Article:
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Neandertal Use of Fire - Current Research

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Controlled use of fire represents one of the most important technological advances that occurred in human evolution, though evidence of its earliest uses have been the subject of some debate over the past three decades.

This debate is the result of three main issues with the archaeological evidence.

First, direct evidence for fire is relatively rare because of its ephemeral nature: charcoal and ash are easily removed by post-depositional processes, thus leaving little or no traces in the remaining sediments.

Second, it is not easy to distinguish human-controlled fires from natural events, such as grass and forest fires started by lightening and spontaneous combustion of organic deposits, such as coal, peat or bat guano.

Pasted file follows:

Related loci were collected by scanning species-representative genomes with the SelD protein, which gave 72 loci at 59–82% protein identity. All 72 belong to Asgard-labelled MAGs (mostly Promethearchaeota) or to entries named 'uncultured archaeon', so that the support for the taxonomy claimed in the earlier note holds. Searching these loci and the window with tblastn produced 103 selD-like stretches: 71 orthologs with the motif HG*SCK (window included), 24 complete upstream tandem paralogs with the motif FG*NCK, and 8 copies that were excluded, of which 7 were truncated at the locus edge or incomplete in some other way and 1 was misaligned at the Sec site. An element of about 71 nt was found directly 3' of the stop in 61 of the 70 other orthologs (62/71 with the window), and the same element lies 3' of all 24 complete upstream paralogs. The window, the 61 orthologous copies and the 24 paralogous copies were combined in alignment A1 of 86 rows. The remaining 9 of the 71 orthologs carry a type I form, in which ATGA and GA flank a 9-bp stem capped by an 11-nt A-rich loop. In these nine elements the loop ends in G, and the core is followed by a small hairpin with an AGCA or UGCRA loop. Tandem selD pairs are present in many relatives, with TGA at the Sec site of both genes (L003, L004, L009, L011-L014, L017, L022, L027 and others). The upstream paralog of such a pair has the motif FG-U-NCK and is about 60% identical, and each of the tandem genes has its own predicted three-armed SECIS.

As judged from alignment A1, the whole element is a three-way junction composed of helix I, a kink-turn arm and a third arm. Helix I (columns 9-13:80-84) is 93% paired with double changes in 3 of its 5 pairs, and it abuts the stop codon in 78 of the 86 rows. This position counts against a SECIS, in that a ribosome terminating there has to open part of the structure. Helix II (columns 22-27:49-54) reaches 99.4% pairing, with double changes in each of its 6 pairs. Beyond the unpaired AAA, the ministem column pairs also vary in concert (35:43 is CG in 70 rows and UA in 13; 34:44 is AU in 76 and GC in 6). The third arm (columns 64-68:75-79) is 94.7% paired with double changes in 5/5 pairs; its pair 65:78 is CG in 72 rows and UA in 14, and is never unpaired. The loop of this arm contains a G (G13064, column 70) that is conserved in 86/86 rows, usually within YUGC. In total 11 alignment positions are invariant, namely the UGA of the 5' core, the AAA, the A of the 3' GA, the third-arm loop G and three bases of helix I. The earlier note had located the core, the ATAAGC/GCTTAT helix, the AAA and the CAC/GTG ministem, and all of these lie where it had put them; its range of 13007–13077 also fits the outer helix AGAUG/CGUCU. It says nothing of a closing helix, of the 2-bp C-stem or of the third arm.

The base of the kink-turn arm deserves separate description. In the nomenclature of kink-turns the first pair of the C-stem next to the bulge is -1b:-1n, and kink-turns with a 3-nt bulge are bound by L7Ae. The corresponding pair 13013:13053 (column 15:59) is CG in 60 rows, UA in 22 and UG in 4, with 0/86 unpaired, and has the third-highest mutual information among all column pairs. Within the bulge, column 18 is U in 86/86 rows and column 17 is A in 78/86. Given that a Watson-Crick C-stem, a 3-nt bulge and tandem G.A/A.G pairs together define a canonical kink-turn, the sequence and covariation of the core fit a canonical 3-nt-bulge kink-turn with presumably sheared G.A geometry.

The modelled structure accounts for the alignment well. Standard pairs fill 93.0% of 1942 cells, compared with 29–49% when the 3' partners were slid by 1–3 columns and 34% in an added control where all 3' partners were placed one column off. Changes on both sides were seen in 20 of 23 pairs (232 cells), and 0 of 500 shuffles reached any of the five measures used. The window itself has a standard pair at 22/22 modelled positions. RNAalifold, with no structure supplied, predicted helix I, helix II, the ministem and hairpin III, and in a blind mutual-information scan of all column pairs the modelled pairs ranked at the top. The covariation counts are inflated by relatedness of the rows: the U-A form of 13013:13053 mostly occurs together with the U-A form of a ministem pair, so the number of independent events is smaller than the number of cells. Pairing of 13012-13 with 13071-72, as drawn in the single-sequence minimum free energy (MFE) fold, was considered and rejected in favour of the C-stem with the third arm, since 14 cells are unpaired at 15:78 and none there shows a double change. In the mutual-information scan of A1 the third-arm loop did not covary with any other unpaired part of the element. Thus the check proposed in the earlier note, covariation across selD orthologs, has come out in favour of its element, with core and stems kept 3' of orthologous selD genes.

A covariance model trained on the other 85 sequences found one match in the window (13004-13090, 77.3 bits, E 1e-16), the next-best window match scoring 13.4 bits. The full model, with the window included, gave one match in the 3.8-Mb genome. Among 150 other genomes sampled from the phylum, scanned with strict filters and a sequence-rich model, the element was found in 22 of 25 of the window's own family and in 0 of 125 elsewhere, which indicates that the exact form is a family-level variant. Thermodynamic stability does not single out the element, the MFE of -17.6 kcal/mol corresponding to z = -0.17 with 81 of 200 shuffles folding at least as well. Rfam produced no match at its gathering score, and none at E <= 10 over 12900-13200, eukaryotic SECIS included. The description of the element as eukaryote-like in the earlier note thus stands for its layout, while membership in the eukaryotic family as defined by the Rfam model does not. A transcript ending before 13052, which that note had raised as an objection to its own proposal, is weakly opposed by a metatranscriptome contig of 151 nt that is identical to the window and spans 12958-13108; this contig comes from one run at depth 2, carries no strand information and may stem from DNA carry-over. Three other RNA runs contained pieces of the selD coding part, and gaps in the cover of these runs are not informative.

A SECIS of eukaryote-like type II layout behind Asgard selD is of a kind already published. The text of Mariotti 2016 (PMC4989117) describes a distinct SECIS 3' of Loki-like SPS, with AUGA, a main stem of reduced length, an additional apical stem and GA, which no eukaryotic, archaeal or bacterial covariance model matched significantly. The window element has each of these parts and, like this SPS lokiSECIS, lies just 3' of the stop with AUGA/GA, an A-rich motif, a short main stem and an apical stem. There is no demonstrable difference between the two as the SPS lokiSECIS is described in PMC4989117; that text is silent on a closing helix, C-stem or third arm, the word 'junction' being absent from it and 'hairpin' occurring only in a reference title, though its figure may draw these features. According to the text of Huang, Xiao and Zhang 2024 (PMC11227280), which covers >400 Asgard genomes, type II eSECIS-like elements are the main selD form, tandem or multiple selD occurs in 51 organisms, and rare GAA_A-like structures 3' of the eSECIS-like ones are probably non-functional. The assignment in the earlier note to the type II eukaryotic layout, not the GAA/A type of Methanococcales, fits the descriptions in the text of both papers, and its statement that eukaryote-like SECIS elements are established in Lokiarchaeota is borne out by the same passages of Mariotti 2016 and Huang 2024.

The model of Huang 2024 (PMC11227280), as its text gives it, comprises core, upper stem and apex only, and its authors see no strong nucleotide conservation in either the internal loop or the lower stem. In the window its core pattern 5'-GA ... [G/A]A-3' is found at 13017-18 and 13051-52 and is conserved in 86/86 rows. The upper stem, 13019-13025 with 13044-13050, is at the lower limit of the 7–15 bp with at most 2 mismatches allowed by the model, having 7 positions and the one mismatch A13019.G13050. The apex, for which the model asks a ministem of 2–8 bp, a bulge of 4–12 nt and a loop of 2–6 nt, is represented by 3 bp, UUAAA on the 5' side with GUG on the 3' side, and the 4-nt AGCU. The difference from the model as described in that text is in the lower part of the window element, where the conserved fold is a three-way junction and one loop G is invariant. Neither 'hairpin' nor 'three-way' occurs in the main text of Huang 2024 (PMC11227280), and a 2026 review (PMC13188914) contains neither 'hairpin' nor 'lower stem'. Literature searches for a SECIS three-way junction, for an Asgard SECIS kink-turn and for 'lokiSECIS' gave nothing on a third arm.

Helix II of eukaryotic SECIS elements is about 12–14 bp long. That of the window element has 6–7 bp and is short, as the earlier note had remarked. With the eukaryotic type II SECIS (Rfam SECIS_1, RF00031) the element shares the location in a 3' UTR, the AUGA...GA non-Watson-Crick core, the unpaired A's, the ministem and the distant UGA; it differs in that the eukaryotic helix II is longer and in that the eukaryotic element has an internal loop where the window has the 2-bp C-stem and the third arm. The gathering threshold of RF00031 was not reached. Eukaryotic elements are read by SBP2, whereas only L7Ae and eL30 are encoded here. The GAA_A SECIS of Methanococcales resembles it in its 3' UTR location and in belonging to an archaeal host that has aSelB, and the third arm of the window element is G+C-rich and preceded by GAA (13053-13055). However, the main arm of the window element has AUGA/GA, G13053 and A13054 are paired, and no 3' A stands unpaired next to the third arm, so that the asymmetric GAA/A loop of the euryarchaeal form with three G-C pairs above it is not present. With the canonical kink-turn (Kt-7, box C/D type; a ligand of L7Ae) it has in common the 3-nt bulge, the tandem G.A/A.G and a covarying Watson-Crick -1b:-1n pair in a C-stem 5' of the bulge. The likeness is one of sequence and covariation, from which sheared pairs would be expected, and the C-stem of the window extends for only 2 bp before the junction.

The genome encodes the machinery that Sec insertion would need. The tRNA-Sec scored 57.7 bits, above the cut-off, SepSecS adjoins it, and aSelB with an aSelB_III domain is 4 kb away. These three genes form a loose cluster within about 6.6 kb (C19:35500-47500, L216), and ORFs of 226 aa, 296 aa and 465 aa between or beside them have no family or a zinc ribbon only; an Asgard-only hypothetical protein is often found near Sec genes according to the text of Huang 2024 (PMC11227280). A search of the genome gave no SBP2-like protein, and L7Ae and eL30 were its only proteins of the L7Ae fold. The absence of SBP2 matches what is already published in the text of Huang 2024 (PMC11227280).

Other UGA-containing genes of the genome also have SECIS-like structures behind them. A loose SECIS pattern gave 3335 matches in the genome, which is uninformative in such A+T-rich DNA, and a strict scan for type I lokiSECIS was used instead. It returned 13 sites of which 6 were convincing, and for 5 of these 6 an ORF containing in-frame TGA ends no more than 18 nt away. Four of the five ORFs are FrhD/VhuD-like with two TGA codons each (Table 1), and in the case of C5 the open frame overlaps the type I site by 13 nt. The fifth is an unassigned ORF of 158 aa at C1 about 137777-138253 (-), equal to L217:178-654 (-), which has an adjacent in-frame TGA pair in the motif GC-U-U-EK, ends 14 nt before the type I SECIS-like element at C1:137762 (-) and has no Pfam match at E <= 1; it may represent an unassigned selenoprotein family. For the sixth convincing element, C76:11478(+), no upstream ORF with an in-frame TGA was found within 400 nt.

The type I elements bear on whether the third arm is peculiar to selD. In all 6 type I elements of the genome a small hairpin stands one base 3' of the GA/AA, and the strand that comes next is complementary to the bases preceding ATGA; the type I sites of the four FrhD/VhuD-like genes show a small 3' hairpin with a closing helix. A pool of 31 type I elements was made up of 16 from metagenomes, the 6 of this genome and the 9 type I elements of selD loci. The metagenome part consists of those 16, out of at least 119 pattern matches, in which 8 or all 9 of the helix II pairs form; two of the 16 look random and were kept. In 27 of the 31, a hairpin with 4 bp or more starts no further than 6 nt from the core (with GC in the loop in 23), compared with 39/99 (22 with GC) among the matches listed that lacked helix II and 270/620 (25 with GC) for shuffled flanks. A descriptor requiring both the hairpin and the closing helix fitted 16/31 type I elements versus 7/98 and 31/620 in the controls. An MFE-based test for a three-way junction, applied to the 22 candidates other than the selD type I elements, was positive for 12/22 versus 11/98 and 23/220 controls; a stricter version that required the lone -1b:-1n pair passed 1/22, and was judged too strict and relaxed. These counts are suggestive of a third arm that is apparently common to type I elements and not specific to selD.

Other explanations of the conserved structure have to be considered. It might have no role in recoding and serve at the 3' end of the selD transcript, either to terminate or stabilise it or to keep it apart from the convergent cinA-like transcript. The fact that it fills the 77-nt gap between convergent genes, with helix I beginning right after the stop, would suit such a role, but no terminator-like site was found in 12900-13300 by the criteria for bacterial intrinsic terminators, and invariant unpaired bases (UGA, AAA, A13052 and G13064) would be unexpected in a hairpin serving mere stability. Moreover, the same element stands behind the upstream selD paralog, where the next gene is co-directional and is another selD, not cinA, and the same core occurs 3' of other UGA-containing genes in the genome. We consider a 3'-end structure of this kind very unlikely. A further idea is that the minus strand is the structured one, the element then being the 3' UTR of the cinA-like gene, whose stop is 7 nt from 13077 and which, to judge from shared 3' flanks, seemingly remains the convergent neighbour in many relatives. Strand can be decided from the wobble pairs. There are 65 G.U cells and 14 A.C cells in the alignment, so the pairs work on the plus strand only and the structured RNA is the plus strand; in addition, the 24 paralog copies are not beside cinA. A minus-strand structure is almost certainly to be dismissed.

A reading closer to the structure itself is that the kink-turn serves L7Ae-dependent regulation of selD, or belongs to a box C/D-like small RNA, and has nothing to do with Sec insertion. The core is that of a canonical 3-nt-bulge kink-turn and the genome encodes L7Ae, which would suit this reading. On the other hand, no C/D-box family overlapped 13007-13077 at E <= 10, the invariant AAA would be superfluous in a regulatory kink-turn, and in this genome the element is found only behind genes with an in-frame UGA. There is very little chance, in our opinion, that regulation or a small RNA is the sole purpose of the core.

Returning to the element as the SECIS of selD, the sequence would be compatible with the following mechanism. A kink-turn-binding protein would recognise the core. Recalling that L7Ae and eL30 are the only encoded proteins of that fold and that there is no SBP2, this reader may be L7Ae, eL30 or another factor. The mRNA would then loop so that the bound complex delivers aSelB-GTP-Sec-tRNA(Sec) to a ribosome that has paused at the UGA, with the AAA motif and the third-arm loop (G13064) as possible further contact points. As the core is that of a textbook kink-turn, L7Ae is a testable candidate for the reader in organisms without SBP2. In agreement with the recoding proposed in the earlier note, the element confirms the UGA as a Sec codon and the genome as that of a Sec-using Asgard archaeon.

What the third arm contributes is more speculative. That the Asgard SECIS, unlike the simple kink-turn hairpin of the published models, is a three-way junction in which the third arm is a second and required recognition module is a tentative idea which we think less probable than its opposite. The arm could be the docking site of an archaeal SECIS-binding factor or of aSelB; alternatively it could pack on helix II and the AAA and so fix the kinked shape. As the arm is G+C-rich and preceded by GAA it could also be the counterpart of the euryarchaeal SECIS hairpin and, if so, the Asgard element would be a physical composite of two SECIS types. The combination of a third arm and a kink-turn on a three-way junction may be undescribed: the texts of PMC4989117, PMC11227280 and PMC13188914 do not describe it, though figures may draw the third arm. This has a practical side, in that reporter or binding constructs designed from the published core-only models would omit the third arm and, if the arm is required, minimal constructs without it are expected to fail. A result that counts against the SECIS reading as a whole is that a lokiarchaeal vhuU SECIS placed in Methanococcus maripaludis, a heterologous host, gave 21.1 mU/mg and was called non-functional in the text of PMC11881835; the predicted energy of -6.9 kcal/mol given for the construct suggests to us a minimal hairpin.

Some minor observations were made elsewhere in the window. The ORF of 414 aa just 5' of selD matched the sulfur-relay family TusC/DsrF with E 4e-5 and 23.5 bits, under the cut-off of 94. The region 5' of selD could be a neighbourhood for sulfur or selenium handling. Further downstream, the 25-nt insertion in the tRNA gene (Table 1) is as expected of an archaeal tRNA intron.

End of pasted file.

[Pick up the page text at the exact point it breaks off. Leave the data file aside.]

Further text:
And finally, there are many examples of natural mineral stains (particularly manganese) that have been mistakenly identified as fire.

Although there is some evidence for controlled use of fire by about 250 kyr, much more evidence is available at younger sites such as Kebara Cave, Israel, Pech de l’Azé II, France, and Klasies River Mouth, South Africa.  
 
After 100 kyr the number of sites with intact hearth features begins to rise substantially, although reporting of such findings has been inconsistent and much of the evidence is either anecdotal or presented solely in site reports rather than in more readily available, mainstream venues.

 

 

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